On paper I was an average Stanford applicant–good grades, good test scores, leadership in extracurriculars, community service, strong letters of rec. That’s what we all have. That’s what they expect. So how do they choose the 1,600 unique, talented, personable, well-rounded freshmen that call the Farm home each fall?
Essays. Essays, the one chance you have to be yourself, to talk about “what matters to you and why” to be funny, be passionate and come alive. Your essays are where admissions officers see not just a qualified applicant but a promising young intellectual who will take their Stanford education out into the world, changing the lives of those around them.
For me, this was an opportunity to display my world-famous, self-deprecating, dry, sarcastic humor. I wrote a piece detailing the utter catastrophe that was the time I was my high school mascot for a game. It was a lighthearted bit centering on insane sweating and a crushing need for water, but gave Stanford a chance to see a different side of me–an outgoing, goofy, unpolished, human side.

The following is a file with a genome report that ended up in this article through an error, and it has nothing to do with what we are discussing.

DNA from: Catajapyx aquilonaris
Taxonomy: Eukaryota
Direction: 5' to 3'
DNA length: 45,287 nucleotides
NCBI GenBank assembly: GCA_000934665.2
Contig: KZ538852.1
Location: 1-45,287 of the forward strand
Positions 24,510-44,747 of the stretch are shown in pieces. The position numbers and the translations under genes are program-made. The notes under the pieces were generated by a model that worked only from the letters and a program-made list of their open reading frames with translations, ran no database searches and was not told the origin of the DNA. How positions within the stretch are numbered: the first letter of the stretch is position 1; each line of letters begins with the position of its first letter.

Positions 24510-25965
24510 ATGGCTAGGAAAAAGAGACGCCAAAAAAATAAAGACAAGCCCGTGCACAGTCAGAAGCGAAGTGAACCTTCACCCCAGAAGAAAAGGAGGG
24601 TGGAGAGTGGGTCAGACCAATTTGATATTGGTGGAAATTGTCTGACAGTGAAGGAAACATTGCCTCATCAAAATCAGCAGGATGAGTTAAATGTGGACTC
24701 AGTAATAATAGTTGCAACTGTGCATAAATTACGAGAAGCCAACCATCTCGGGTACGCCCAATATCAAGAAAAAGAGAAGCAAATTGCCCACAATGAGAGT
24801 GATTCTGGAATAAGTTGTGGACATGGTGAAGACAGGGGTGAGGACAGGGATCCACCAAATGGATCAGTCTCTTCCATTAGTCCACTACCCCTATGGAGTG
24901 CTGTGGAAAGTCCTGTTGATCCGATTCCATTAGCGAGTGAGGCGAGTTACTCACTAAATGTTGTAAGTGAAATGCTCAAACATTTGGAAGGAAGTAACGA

This is the part of your application your admissions counselors remember. When they go to bat for the students they think deserve acceptance, they don’t recite your stats, they tell your story.
College acceptances are an investment. They’re a sign of trust and respect, that this university believes you will take their education, their brand, and become a positive contributor to society.
Writing essays that are “you” helps them get a better sense of who they’re investing in. For me that was a talkative, shameless, eager, aspiring politician from a sports-loving San Diego family. Stanford knew what it was getting, and took its chances–I am forever grateful it did!